“Racism is what got us into this mess, yet there is nothing in this blight removal report that deals with issues of race, or segregation, or discrimination, or white flight, which is the absolute root cause of why we have the issues of abandoned buildings and blight in Detroit in the first place,” Hammer says.
George Galster, a distinguished professor of urban studies and planning at Wayne State University, likens blight removal to “putting a BandAid on a wound” and bemoans the lack of attention given to root causes, such as a deregulated housing market in the broader Michigan region that has seen the construction of 10,000 excess houses a year since the 1950s, helping to drive people out of Detroit and into the suburbs.
“As long as you don’t address that, the problem of blight will persist,” Galster says.
Some take another view. They argue that breaking some windows now will result in fewer “broken windows” later. Detroit’s controversial experience with “broken windows” policing is leaving its mark on the city’s new character.
“The whole idea behind broken windows is a compelling one: A broken window begets a broken window,” says Craig Fahle, who recently quit his job as a radio host and one of the city’s most respected media voices to join Detroit Mayor Mike Duggan’s revamped Detroit Land Bank Authority, which is overseeing blight removal as well as auctioning off city-claimed houses and recruiting new residents.
“It’s the same with blight: Blight begets blight. Blight creeps,” Fahle says, comparing blight to a breathing, living entity.
It is all a little science fiction. There is a seemingly endless fondness for cancerous and zombie analogies when it comes to describing Detroit’s abandoned houses.
“I know it sounds radical, but blight is like a cancer, you’ve got to be aggressive with it. If you don’t kill it, it will kill you,” says George, the grassroots blight buster.
Dennis Durkin, 61, a Kroger assistant manager baker and lifelong northwest Detroit resident, is meeting the recent demolition of houses on his block by city contractors with cautious skepticism.
In the past five years, Durkin’s house has been burgled seven times, he says, and he knows who the perpetrators are: the people living in the house behind him. Their house is still standing. He estimates that three-quarters of his block has left in the past five years.
“It’d be good to have some policies to give these people jobs,” he says. “You know, it might help with the thieving.”
The proof is not quite there, some argue. Recent data-based research undertaken in collaboration with Erica Raleigh at Data Driven Detroit, actually shows abandoned buildings have a neutral effect on crime, Galster says. Contrary to popular belief, there is no evidence suggesting blighted properties either attract or exacerbate criminal activity.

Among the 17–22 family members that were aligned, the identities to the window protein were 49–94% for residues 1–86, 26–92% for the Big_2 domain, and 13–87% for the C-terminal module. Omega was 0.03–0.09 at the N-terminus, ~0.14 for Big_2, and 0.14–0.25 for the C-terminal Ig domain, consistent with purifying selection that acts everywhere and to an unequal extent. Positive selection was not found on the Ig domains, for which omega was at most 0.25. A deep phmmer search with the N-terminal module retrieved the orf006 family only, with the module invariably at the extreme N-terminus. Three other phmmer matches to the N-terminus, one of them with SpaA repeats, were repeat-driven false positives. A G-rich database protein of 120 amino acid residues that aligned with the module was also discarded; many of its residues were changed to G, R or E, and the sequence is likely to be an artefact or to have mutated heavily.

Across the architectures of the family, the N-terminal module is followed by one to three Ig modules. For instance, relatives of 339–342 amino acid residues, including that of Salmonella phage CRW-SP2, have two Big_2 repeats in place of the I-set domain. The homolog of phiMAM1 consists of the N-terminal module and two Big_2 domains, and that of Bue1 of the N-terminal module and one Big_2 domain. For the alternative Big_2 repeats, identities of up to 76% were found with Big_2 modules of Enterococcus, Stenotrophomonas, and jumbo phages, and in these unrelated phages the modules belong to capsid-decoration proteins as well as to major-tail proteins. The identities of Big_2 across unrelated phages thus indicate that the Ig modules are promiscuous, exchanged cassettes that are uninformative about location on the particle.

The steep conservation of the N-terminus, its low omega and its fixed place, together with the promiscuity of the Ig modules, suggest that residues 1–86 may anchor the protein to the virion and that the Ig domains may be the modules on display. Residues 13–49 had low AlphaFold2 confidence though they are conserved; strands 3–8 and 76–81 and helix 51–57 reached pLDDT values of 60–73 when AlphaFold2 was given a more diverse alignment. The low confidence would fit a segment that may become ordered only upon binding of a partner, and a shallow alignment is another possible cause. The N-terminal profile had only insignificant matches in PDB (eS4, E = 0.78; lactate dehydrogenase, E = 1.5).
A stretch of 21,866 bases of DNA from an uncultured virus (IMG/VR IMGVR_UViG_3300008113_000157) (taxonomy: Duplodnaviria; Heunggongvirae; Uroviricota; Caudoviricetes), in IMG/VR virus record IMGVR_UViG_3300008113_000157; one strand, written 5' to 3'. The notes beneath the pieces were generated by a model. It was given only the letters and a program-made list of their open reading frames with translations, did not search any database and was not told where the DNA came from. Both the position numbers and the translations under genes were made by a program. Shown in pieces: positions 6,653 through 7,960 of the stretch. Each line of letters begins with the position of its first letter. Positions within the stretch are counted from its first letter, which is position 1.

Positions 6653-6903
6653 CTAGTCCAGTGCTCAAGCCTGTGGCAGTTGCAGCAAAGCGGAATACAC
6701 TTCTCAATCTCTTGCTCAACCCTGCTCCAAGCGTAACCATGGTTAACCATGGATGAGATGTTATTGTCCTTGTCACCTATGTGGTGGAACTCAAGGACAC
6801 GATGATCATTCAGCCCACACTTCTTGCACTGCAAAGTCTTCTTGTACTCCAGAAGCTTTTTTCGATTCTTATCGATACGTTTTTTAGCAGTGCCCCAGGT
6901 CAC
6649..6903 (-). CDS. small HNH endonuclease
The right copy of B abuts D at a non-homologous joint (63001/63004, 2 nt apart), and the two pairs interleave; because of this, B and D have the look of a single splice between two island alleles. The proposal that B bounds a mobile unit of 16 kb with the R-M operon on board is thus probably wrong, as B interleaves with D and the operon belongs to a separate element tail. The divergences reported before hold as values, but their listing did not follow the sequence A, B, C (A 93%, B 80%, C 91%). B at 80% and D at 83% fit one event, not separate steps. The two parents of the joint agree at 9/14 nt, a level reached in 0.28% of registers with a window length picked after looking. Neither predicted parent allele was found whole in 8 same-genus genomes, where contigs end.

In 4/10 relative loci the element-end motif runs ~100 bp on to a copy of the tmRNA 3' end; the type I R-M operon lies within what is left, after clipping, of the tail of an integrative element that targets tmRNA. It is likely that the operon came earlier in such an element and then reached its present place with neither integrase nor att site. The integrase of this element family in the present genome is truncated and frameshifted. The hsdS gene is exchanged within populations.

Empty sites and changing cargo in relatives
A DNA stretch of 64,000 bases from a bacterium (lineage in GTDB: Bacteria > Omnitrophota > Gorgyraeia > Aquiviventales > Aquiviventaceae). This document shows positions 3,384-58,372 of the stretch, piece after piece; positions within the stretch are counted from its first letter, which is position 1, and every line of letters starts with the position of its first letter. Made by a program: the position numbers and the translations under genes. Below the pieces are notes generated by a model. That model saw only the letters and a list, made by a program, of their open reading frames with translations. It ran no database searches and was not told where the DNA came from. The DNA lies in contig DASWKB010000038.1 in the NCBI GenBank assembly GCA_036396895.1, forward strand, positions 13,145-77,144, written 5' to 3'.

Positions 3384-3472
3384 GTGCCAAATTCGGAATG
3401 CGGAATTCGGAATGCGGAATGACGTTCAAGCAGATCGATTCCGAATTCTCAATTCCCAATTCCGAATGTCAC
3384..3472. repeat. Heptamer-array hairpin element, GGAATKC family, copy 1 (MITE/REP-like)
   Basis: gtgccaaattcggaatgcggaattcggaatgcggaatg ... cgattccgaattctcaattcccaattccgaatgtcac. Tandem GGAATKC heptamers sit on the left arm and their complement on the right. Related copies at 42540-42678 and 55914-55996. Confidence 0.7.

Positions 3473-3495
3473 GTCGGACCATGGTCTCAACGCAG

Bernard Harcourt, a law professor at Columbia University and director of the Columbia Center for Contemporary Critical Thought, calls the extension of broken windows to blight removal “fascinating.”
Harcourt says the broken windows theory has long been “a fig leaf for real-estate redevelopment and wealth redistribution” — with targeted areas being flipped from the bottom end of the socio-economic ladder to the top, including in places such as New York’s Times Square and Los Angeles’ Skid Row.
The transformations of those areas were touted as evidence of broken windows success, Harcourt says, when in fact they were the product of decade-long urban planning and redevelopment that substantially redistributed wealth and populations from one neighborhood to another.
“Are the buildings being taken down to serve the people who are living in the neighborhoods now, or are the buildings being taken down in order to facilitate the repopulation of whoever is going to buy that now vacant property?” Harcourt asks.
Durkin, whose garden is immaculately kept “with something blooming at every time of the year,” points to a quaint, yellow house opposite his, which has finally had people move in after being vacant for a while.
The former owners of that house did not want to leave, he says, but after the recession hit they could not pay their mortgage anymore. Eventually they were foreclosed upon.
“You ask me, banks caused a lot of this. When things got bad, they weren’t helping anyone. People wanted to work with the banks, but they wouldn’t work with anyone,” Durkin says.
For Craig Fahle with the Land Bank, blight removal and getting those houses that are in good condition sold to new, good homeowners will improve quality of life for residents.
He argues that it will get people in Detroit to know the city cares about them.
“We’re not going to get everything right on this. We’re trying new things,” Fahle says. “We’re building some excitement. And if we can make it happen in Detroit, then we’ve got a great model for everybody else.”